One of the main drivers of underperformance over the period was being underexposed, relative to the index, to the strongly performing oil and banking sectors. The strength of the economic recovery from the Covid-induced recession initially boosted demand for oil and gas producers, while the Russia Ukraine conflict exacerbated prices further. Not owning oil company BP, which strongly outperformed, was detrimental. Bond yields rose as expectations for interest rate rises increased, supporting banks. Subsequently, not owning large Asian-focused bank HSBC notably weighed on relative performance, albeit that our position in another Asian bank, Standard Chartered, which also performed strongly, partly mitigated this. Not holding tobacco stocks, such as British American Tobacco, whose defensive characteristics were rewarded, also weighed on performance.
Other notable detractors included our large holding in Pets at Home, one of the portfolio’s top performers over the prior financial year, which suffered from a derating in its shares despite continued, strong operational delivery. Concern that the stock was a “Covid winner”, which would struggle to sustain growth levels, was exacerbated by the announcement of senior management changes. We remain optimistic about the company’s longer term prospects given the strong track record of growth in its retail business and significant opportunity for its vets practice division. Household spending on pets has also shown resilience in prior recessions which adds to our confidence in the holding given the current squeeze on household incomes.
Our decision to invest in betting and gaming group company 888 has proved costly over the past year. Share price weakness has been acute as the market has focused on the extent and cost of the debt associated with the group’s acquisition of William Hill’s UK assets. We believe the deal has strategic merit as it diversifies the business by geography and product, with scope for cost savings and the potential for revenue synergies as cross-selling opportunities exist between gaming (888) and sports (William Hill).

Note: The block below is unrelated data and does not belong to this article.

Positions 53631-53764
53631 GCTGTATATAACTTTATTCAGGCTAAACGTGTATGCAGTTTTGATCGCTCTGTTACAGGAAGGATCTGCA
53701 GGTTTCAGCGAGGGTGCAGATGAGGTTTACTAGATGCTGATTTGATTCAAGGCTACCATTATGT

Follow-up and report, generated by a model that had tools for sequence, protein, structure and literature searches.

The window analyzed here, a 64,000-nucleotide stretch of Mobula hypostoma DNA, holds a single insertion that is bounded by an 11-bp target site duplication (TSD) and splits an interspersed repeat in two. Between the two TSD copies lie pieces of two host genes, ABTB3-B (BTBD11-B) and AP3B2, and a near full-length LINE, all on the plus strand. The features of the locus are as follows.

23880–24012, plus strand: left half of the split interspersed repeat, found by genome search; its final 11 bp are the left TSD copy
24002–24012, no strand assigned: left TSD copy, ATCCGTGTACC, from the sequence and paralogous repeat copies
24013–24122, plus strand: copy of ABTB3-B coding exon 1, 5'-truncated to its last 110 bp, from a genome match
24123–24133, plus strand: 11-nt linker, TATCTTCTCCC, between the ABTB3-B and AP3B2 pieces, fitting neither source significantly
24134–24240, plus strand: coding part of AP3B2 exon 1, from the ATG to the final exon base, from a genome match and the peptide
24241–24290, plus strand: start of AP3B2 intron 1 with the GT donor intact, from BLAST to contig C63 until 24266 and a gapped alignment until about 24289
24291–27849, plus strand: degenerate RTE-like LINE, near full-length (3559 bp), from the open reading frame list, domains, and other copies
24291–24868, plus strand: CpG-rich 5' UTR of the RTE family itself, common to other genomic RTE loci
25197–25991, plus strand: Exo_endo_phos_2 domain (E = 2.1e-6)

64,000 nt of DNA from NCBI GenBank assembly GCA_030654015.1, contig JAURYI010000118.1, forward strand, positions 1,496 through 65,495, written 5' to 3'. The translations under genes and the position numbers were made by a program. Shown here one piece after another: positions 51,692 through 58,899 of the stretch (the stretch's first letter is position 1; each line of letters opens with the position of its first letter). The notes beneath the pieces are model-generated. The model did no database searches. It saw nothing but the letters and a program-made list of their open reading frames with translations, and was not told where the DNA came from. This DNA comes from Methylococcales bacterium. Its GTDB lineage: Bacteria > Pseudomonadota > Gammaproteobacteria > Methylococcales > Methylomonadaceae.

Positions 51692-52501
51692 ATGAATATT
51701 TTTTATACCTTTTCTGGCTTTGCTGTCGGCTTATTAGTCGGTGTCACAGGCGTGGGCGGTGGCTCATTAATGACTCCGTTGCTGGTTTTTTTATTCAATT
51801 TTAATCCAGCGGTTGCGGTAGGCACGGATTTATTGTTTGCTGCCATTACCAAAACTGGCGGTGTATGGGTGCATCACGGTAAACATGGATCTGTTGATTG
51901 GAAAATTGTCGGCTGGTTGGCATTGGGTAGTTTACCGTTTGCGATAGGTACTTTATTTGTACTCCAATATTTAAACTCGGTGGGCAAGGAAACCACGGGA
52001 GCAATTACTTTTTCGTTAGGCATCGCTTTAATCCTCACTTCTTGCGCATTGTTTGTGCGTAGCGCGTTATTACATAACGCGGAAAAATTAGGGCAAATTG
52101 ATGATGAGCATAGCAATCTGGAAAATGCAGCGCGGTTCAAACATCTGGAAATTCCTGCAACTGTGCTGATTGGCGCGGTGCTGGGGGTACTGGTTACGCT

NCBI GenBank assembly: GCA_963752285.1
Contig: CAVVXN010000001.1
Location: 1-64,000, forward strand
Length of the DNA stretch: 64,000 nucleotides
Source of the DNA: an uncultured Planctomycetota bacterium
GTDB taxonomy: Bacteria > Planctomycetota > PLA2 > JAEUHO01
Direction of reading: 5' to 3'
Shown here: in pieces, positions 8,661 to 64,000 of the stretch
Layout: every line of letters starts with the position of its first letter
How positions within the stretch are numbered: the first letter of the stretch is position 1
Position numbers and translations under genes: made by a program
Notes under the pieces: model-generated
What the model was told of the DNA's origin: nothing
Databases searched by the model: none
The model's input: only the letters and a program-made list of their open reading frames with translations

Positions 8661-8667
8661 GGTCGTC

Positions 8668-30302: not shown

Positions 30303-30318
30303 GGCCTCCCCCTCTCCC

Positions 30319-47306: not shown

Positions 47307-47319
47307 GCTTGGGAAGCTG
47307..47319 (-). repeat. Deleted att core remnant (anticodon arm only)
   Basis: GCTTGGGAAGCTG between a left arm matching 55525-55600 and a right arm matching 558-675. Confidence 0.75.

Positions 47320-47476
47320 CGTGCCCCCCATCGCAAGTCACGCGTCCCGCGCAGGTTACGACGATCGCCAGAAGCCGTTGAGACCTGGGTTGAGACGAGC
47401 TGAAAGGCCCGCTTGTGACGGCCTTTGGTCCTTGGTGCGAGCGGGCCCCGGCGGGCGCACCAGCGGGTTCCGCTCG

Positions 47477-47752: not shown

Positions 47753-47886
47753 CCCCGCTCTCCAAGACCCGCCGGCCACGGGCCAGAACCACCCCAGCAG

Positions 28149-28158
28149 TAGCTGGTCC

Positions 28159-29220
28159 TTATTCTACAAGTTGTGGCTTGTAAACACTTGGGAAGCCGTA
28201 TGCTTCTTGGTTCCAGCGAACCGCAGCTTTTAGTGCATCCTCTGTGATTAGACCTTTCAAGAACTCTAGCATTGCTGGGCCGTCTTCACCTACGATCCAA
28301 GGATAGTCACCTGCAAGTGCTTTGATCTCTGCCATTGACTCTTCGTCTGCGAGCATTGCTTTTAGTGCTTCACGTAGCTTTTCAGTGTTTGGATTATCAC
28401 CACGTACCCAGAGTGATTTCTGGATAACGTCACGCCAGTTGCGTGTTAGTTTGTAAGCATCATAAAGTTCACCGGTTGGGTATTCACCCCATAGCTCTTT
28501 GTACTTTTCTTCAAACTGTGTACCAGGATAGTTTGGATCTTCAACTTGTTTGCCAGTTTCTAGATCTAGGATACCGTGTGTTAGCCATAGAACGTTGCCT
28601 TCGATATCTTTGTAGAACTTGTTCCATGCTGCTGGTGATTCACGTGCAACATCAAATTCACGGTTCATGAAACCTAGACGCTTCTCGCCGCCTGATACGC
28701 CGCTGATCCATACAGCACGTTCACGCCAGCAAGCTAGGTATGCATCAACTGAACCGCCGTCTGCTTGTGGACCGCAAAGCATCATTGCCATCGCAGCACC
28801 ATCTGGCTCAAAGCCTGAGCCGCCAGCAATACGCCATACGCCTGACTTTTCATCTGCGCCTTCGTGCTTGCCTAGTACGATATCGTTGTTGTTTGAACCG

On the positive side, our position in power generation company Drax performed strongly. Drax has switched its focus from coal to biomass renewable fuels and has longer-term attractions of the potential to deploy carbon capture and storage technology to become a leading carbon negative energy business.
Our longstanding position in education content provider Pearson contributed to performance as, under the new CEO, strategy was better articulated and executed. Meanwhile, defence services business QinetiQ experienced share price volatility during the 12-month period. The shares fell sharply in the autumn of 2021, due to disclosure of an uncharacteristic problem contract that emanated from supply chain issues. Following engagement with the company, we believed that the negative sentiment and share price reaction was overdone and we added to our position. The subsequent share price recovery on a larger holding generated a positive impact. Lastly, not holding closed-ended investment vehicles, such as Scottish Mortgage Investment Trust, was also a positive.
SCF : Schroder Income Growth misses out on oil and banks rally